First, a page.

The First Amendment is not about a law, but rather a culture — specifically a culture of liberty. It is essential to tech, and in this context, Facebook is mostly right about political ads (but can still do better).
Mark Zuckerberg suggested that social media is a “Fifth Estate”; in fact, social media is a means by which the Third Estate — commoners — can seize political power. Here history matters.
The question of “What is a tech company” comes down to how much software and its unique characteristics affects the company’s core business.
Jony Ive is leaving Apple: how it happened, Ive’s legacy, and what it means for Apple going forward.
TV is moving from a world where distribution dictates business models to one where business models need to fit the jobs consumers want done. That is the best way to understand Disney’s latest announcement.
Senator Warren’s proposal about how to regulate tech is wrong about history, the source of tech giant’s power, and the fundamental nature of technology itself. That doesn’t mean there aren’t real problems — and potential solutions — though.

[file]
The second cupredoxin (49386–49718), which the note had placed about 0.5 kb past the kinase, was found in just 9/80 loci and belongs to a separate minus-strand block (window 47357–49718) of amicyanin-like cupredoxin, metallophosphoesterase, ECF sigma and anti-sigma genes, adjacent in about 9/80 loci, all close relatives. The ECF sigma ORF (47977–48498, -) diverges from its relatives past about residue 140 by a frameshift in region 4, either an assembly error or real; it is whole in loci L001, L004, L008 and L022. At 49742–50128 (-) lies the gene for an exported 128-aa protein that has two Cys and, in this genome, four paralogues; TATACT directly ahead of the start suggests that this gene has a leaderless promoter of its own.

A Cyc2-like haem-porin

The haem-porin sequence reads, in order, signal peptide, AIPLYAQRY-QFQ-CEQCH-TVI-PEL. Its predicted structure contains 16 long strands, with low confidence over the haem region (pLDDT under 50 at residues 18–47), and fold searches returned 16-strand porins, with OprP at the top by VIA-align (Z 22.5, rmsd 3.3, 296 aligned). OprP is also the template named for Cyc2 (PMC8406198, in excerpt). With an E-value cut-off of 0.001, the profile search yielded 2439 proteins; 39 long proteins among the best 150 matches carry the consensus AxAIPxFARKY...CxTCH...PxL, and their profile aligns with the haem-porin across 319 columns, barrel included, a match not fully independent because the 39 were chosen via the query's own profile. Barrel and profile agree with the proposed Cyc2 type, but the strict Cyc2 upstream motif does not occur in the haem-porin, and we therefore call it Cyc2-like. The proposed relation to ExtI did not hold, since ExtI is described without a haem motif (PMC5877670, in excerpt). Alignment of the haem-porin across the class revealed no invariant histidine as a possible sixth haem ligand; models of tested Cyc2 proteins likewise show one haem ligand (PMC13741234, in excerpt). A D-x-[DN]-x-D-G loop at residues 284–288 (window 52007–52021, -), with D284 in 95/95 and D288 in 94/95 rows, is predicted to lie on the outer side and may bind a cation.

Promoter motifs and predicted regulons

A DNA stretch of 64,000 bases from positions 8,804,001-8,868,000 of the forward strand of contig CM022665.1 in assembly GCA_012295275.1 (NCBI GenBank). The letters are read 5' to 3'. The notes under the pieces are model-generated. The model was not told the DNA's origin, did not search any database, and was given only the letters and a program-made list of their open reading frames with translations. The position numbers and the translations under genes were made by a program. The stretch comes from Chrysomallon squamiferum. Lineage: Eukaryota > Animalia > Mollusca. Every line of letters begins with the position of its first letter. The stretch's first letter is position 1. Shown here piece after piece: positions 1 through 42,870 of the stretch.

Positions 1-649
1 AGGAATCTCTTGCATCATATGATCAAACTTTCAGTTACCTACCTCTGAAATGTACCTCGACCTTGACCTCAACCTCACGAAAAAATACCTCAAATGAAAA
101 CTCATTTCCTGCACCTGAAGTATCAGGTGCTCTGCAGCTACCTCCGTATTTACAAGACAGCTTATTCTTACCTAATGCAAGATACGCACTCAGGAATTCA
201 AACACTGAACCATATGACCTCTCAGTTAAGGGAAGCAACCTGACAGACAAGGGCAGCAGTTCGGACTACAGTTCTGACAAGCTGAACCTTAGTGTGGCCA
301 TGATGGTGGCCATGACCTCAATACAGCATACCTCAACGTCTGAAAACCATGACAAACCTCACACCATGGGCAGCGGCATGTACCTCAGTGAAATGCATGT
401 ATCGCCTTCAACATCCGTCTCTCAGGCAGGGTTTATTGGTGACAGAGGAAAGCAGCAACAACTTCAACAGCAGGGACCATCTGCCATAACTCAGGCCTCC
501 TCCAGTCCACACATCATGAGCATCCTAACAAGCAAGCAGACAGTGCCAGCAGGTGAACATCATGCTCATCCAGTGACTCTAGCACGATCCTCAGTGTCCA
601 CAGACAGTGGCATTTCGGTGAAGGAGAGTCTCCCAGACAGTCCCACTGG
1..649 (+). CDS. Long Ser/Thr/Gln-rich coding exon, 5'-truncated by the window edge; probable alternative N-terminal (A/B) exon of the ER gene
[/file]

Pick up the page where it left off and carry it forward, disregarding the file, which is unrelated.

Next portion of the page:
Amazon’s latest offering highlights the economic challenges facing open source companies — and Amazon should pay attention.
Apple’s case before the Supreme Court is about standing; Apple has a strong case. That, though, doesn’t mean the App Store isn’t a monopoly — and that Apple isn’t increasingly predicated on rent-seeking.
SAP’s acquisition of Qualtrics shows how the shift in technology has changed business; it is a perfect example of using the Internet to one’s advantage.
IBM has bought Red Hat in an attempt to recreate its success in the 90s; it’s not clear, though, that the company or the market is the same.